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A. Bronson Alcott. At age fifty-three. Courtesy of the Library of Congress (LC-USZ62-54729).

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Alcott, A. Bronson (29 November 1799–04 March 1888), Transcendentalist and reformer, was born Amos Bronson Alcox in Wolcott, Connecticut, the son of Joseph Chatfield Alcox and Anna Bronson, farmers. Farming the rocky Connecticut soil was not lucrative, and Alcott worked hard with his parents to help support seven younger siblings, thereby limiting his opportunities for a formal education. He attended the local district school until age ten, but thereafter his intellectual growth largely depended on his own reading and discussions with friends of a similar scholarly bent, the first being his cousin William Andrus Alcott. William later attended Yale College and established a career as a physician and popular author of health manuals, but continuing poverty prevented Bronson from obtaining a college education. At age fifteen he, like many of his young Connecticut contemporaries, began peddling small manufactured goods, first in Massachusetts and New York, then in Virginia and the Carolinas....

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Ralph Waldo Emerson. Courtesy of the Library of Congress (LC-USZ62-98114).

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Emerson, Ralph Waldo (25 May 1803–27 April 1882), lecturer and author, was born in Boston, Massachusetts, the son of William Emerson, a Congregational minister, and Ruth Haskins. Ralph was one of eight children. His father was a liberal, Concord-born minister of the First Church in Boston and active in the city’s intellectual and social life, being an editor of the ...

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Hedge, Frederic Henry (12 December 1805–21 August 1890), Unitarian minister and Harvard professor, was born in Cambridge, Massachusetts, the son of Levi Hedge, a Harvard professor, and Mary Kneeland. His early education came from his father, Alford Professor of Natural Religion, Moral Philosophy, and Civil Polity, and ...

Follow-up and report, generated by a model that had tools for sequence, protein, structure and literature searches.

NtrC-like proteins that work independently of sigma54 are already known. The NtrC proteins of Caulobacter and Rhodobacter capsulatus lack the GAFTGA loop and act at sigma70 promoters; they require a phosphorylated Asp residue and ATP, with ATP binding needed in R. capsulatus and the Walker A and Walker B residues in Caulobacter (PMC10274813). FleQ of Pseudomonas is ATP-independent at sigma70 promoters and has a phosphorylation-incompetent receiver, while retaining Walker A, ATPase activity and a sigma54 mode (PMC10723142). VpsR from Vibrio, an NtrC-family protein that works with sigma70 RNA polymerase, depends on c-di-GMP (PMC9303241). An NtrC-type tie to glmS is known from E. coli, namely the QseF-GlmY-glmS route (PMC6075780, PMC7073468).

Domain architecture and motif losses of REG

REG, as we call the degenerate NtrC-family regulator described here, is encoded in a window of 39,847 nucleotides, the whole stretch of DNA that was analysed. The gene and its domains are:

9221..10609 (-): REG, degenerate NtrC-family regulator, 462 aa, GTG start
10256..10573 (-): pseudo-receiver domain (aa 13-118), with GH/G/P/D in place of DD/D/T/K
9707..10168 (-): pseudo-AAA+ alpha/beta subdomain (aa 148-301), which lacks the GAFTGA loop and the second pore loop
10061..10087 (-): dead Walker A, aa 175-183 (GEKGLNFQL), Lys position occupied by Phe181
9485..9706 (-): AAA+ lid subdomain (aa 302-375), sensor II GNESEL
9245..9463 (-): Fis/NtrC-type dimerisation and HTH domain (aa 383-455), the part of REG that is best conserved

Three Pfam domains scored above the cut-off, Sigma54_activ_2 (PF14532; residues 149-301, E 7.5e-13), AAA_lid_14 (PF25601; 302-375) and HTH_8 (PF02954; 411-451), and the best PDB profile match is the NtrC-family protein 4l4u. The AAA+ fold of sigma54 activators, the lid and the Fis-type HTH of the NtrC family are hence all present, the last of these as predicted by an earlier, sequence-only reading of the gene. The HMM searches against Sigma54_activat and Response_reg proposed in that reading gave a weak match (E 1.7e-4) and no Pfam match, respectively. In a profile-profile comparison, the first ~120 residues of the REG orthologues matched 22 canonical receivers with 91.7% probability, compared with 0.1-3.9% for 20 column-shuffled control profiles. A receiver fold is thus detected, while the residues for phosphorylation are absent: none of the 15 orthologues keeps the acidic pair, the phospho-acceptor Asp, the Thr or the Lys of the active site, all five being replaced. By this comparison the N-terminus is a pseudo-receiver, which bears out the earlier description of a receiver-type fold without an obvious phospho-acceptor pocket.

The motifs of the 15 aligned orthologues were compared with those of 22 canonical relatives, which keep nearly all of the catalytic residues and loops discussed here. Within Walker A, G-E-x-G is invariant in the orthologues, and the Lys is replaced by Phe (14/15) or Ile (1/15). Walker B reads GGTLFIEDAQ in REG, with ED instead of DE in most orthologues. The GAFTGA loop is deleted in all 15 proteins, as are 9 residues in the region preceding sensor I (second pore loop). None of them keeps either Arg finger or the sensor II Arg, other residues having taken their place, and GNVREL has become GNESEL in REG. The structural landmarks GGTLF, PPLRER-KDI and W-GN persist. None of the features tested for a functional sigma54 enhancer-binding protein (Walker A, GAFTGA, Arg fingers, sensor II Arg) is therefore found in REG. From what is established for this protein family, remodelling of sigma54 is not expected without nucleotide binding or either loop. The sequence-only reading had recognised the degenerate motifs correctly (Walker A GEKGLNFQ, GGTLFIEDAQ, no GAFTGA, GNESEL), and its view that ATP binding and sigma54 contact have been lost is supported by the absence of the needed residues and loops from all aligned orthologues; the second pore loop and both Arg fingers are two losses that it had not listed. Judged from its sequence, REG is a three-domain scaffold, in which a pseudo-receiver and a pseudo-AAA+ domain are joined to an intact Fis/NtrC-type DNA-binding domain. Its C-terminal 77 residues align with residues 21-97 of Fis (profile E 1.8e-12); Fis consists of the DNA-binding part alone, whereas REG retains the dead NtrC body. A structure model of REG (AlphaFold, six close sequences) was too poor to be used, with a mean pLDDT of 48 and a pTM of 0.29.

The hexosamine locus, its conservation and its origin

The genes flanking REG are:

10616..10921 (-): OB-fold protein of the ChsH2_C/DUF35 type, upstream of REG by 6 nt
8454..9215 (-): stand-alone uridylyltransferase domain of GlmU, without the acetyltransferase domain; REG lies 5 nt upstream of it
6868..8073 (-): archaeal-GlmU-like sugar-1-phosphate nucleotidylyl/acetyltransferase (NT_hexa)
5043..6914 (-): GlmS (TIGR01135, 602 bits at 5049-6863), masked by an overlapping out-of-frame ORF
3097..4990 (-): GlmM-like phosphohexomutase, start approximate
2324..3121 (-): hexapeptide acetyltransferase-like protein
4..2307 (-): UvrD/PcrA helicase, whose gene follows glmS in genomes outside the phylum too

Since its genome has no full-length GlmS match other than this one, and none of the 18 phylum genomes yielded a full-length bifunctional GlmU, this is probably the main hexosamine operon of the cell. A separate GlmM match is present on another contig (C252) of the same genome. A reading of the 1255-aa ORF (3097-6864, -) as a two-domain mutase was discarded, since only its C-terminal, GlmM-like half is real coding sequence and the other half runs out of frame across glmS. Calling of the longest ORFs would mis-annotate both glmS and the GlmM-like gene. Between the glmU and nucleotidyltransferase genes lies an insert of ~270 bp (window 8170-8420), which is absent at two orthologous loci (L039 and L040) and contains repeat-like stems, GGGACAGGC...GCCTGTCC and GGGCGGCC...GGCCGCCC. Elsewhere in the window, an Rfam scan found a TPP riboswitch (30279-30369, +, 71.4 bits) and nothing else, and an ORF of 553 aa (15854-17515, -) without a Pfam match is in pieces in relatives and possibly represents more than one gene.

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Ripley, George (03 October 1802–04 July 1880), reform writer, literary reviewer, and communalist, was born in Greenfield, Massachusetts, the son of Jerome Ripley, a businessman, and Sarah Franklin. After attending private academies in the area, in 1819 Ripley went on to Harvard, where his personal and philosophical education was tumultuous. He tried desperately to hold onto the conservativism his parents had encouraged, but he was also attracted to liberal ideas in social reform and theology. When his transformation did not happen quickly enough to suit his classmates, he was ridiculed in one of Harvard’s student riots as “Ripley the pious, fickle as the wind, / For nine times an hour he changes his mind.” When he entered Harvard’s divinity school in 1823, Ripley was still trying to reconcile his inherited Calvinist beliefs with the new views that saw humanity’s inward nature as the source of all beauty and truth....

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Henry David Thoreau. Courtesy of the Library of Congress (LC-USZ61-361).

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Thoreau, Henry David (12 July 1817–06 May 1862), author and naturalist, whose surname is pronounced “thorough,” was born in Concord, Massachusetts, the son of John Thoreau, a merchant and pencil manufacturer of French ancestry, and Cynthia Dunbar, of Scottish background. He was the only one of the famed Concord authors to be a native of the town. Although he was raised in genteel poverty, Thoreau attended Concord Academy, a private school where his parents hoped he would receive a better education than the public schools could offer. His parents also did much to encourage his youthful interest in natural history. A shy child, he often preferred to keep to himself rather than play with others....

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Very, Jones (28 August 1813–08 May 1880), poet and preacher, was the oldest of six children born in Salem, Massachusetts, to Jones Very, a ship captain, and Lydia Very. No record of marriage exists for the poet’s parents, who were first cousins (with the same surname), though they lived as husband and wife until the elder Jones Very’s death in 1824. Despite financial hardships imposed by his father’s death, the younger Jones Very was able to enter Harvard University as a sophomore in 1833; he finished second in his class in 1836 and then served as tutor in Greek at the college while studying at the divinity school. But in September 1838 his affiliation with Harvard came to an end when he, under the influence of a mystical religious experience, came into disfavor with the college authorities, was relieved of his duties, and was sent for a month to the McLean Asylum in nearby Charlestown....